autoevolution
Car video reviews:
 

Hand-Built Home Sits on Top of a Car, Comes With Touching Story and Real Safety Issues

You do whatever you have to do to survive. For many people hit by the housing crisis and financial turmoil, this means living out of a car or making a home out of whatever space is available. The same goes for Terry Gonzalez.
This hand-built "mobile home" moves around the Austin area, and police reportedly never pull it overThis hand-built "mobile home" moves around the Austin area, and police reportedly never pull it overThis hand-built "mobile home" moves around the Austin area, and police reportedly never pull it overThis hand-built "mobile home" moves around the Austin area, and police reportedly never pull it overThis hand-built "mobile home" moves around the Austin area, and police reportedly never pull it overThis hand-built "mobile home" moves around the Austin area, and police reportedly never pull it overThis hand-built "mobile home" moves around the Austin area, and police reportedly never pull it overThis hand-built "mobile home" moves around the Austin area, and police reportedly never pull it overThis hand-built "mobile home" moves around the Austin area, and police reportedly never pull it overThis hand-built "mobile home" moves around the Austin area, and police reportedly never pull it overThis hand-built "mobile home" moves around the Austin area, and police reportedly never pull it overThis hand-built "mobile home" moves around the Austin area, and police reportedly never pull it over
Terry Gonzalez lives in the Austin area, Texas, moving around. He doesn't live out of his car but on top of it because he built a sort of shack up top. It's a mobile home made of pallets on top of a steel frame precariously affixed to the roof of the car – the kind of improvisation held together with elastic chords, tape, and invisible magic.

Speaking to Fox7 Austin, Gonzalez says his mobile home, which has become somewhat of a local and online celebrity, was inspired by tragedy. A “life gives you lemons” story. That’s the angle of the video story at the bottom of the page: a man’s tale of tragedy spun into a positive one through ingenuity and hard work.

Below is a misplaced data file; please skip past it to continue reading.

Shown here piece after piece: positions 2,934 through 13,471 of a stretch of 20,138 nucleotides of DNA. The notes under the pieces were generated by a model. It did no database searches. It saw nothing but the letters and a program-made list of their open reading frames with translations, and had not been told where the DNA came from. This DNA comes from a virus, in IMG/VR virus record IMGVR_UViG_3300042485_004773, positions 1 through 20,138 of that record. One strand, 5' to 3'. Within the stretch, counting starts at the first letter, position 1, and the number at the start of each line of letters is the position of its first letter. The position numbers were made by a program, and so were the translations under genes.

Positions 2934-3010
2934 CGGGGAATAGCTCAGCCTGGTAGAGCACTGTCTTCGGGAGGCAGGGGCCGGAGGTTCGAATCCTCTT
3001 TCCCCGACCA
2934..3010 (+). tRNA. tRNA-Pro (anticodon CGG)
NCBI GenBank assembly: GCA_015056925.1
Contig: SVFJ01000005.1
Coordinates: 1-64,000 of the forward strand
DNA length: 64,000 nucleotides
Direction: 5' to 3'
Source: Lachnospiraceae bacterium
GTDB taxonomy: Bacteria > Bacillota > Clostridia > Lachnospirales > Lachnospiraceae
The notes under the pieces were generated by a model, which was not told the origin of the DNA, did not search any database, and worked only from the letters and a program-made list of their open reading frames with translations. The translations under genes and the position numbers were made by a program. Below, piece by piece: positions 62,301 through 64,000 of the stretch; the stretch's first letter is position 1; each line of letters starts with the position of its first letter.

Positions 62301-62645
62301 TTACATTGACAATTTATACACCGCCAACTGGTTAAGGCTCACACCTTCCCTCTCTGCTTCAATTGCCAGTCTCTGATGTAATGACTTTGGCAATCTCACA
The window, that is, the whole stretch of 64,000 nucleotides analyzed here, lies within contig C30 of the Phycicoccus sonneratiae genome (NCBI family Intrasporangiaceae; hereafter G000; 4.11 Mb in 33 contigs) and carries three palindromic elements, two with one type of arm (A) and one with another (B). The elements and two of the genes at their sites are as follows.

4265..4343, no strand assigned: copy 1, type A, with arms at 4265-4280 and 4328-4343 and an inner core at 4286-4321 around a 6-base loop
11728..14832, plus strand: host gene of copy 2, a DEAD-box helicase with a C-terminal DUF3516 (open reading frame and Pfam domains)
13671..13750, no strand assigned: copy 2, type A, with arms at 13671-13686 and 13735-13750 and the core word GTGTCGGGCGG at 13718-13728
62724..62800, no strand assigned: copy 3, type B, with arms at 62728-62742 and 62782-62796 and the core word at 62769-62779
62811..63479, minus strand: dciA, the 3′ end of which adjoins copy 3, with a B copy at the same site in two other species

First things first: Gonzalez says from the start that he is homeless. The previous (actual) home he lived in burned down just as he was remodeling it. He believes the owners had set it on fire, but he doesn’t say why that might be, not that it mattered, because he still lost everything he had in the blaze. To add insult to injury, his truck and trailer were towed, and he lost all his tools.

Gonzalez lived out of his beat-up daily for a while, but at some point, he wanted more space so his pet dog and cat could sleep in the car, and he had room for himself. He couldn’t say whether he specifically set out to build a home on top of the Oldsmobile Alero, but it was probably more of a spur-of-the-moment type of thing. “How I ever thought of this I’ll never know, until I saw that metal frame sitting over there, and I said to myself ‘that looks like that will fit on top of my car,'” he tells the media outlet.

Every bit of material he used is trash or, as they say, today, upcycled, repurposed stuff. The contraption looks the part, though the interviewer stresses that everything on it is “functional.” A casual glance reveals anything from a refrigerator to an AC unit strapped on the sides, an office chair, a supermarket cart, a couple of bicycles, a sheltered area, and even some gardening tools. For a fancier touch, Gonzalez added a pair of new “chandeliers,” and he’s considering adding a skylight next. This is a work-in project, but, again, it doesn't look as if there's a plan for it.

The most striking part about this build isn’t that it exists. After all, shacks of this type have been popping up across the U.S. (and the news) a lot lately, on residential streets where homelessness has spiked.

The most striking part is that this thing moves and, more importantly, that it’s not getting attention from the police. Well, according to Gonzalez, it does get attention, just not the kind you’d imagine: even though it poses serious safety issues, he says police only pull him over to ask him about the hand-built mobile home and not to give him citations.

No wonder then that the story has proven a hot topic with online audiences. Indeed, Gonzalez’s situation is tragic, and yes, he did turn it into a positive note. At the same time, though, this thing is a hazard, both to himself and other traffic participants. There is a reason why there are laws on what you can or can’t strap onto your car, how heavy that stuff can be, and how it should go up on the vehicle. Anything that adds weight to the vehicle will impact the vehicle’s braking distance, and anything that’s not secured correctly can move around in case of sudden braking or a collision.

Gonzalez’s hand-built “mobile home” is a sad sign of our times and, to a great extent, a touching story about human resilience and ingenuity. Obviously, the man is not “guilty” of trying to make the most out of an awful situation, and he probably doesn’t even realize how dangerous it is to drives this thing around.

But it is a serious hazard, even if he only drives it every couple of months to move it from location to location, and more so if you consider the "Poor" safety rating the Alero got from the IIHS. You’d think the police would be the first to notice it.



 
 
 
 
 

Would you like AUTOEVOLUTION to send you notifications?

You will only receive our top stories